Here, no such countervailing factors exist. The presiding juror in articulate and forceful terms twice told the trial court that the jury was deadlocked. He also informed the trial court that it was divided seven to two. By telling the court that the jury reached impasse on the apportionment of negligence between defendant and plaintiff, the presiding juror indicated that the jury was in disagreement over the complicated factual dispute at the heart of the trial: whose negligence caused Schlimgen's death, his own or defendant's? The evidence on that question was extensive, contradictory, often complex and technical, and perhaps inconclusive. In such circumstances, the trial court's every word may carry extra weight with the jury, thus imposing a heightened duty to refrain from coercion.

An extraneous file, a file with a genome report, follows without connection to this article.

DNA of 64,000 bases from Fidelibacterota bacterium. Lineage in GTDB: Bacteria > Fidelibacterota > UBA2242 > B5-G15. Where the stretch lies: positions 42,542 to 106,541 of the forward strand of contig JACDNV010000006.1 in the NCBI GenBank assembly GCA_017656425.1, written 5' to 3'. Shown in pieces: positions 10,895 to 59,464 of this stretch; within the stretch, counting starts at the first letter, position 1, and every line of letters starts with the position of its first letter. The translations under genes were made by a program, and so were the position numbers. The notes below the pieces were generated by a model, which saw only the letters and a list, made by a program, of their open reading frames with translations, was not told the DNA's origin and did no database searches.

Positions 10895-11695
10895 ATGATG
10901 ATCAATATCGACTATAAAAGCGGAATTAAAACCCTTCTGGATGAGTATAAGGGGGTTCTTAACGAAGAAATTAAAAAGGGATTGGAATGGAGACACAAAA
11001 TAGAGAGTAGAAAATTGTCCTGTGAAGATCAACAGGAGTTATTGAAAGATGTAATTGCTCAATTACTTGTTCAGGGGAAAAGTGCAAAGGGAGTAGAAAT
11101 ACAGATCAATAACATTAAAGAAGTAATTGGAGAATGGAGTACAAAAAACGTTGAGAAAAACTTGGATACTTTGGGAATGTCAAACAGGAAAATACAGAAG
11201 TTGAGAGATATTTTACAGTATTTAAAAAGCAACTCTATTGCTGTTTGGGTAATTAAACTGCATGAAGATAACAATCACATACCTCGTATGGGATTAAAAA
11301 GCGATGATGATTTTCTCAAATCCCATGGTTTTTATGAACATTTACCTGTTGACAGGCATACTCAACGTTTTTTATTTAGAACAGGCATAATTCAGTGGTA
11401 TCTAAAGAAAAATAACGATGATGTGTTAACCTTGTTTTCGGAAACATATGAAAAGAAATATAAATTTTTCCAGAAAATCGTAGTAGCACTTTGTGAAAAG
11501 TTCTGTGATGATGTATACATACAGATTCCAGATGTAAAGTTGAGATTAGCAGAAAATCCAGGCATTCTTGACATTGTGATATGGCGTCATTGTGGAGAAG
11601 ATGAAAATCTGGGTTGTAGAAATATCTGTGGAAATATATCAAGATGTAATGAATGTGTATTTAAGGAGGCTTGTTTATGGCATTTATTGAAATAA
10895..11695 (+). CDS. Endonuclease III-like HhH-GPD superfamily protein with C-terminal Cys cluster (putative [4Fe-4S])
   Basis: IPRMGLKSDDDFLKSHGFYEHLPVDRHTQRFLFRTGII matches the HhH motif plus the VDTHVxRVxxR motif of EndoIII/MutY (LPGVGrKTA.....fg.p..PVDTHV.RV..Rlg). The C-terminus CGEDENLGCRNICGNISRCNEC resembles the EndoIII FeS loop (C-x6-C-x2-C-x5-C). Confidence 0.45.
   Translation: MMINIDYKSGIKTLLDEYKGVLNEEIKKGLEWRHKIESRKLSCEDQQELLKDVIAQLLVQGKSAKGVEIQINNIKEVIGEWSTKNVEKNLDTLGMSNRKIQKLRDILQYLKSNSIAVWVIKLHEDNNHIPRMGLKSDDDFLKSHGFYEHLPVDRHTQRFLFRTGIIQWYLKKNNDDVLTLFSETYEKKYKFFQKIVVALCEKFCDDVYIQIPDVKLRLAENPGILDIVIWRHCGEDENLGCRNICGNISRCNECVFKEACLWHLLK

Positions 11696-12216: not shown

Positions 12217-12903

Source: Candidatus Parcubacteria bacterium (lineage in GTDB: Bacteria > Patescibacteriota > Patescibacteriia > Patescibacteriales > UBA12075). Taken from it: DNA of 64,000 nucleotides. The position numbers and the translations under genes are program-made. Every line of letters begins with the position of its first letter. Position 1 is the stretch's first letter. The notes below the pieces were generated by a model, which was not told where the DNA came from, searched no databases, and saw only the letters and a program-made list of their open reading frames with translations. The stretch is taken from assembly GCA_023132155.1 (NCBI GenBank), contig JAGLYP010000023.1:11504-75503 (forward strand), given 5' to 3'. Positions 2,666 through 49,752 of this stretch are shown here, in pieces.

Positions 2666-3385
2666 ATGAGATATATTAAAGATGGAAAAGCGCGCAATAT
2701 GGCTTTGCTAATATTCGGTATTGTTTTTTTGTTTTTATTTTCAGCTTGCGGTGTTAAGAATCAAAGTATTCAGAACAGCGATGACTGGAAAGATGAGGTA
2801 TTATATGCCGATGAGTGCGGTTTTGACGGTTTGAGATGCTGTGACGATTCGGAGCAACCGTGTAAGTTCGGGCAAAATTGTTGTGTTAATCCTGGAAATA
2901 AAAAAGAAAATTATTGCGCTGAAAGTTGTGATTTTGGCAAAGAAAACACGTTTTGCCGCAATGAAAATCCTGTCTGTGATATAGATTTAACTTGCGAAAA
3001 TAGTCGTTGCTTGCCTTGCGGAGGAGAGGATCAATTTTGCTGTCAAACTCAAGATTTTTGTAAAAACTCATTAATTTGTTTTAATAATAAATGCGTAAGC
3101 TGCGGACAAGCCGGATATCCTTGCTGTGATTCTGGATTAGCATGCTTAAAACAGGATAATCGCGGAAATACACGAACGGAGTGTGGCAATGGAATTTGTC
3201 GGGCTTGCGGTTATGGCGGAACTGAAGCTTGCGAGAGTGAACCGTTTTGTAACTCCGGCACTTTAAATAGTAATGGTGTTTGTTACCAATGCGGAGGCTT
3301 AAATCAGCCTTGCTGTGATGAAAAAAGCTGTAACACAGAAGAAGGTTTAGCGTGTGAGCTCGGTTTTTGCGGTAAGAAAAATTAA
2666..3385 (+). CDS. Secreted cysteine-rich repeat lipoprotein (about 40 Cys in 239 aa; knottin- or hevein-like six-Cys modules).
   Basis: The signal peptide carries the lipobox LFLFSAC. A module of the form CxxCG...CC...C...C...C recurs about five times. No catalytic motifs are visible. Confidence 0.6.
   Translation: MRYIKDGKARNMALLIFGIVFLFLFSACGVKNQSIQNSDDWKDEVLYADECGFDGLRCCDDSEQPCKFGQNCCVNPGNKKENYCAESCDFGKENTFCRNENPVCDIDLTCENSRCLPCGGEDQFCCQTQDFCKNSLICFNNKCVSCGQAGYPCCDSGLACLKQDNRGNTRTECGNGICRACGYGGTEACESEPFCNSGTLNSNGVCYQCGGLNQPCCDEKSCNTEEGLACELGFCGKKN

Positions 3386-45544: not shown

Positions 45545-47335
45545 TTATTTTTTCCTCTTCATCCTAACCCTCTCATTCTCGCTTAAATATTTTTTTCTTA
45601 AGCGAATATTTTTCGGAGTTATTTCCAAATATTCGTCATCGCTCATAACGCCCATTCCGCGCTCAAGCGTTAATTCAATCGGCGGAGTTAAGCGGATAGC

The facts that lead most persuasively to the conclusion that the judge's comments did coerce some members of the jury into changing their votes, however, are the timing and sequence of the trial court's instructions relative to the jury's deliberations. As noted above, after hearing two weeks of testimony, the jury began deliberating on Friday morning. It returned on Saturday and deliberated until almost noon, when it concluded it was deadlocked. Rather than declare a mistrial at that time, the trial court told the jury to go home and return Monday to confer again. After several hours of further deliberation, the presiding juror announced that the jurors had repeatedly and systematically gone over the evidence, considered each other's interpretations of it, discussed the reasons for their differing positions and still could not reach agreement. Then, after the court's instruction on the importance of this jury resolving the case so as to avoid the time and expense of a retrial, the jury returned a verdict after less than an hour's further deliberation. We conclude that, under those circumstances, the trial court's instruction was improperly coercive, as it evidently led a number of jurors to change their votes, not as a result of reasoned deliberation, but with the goal of reaching the requisite consensus so as to resolve the case. A verdict thus reached cannot stand.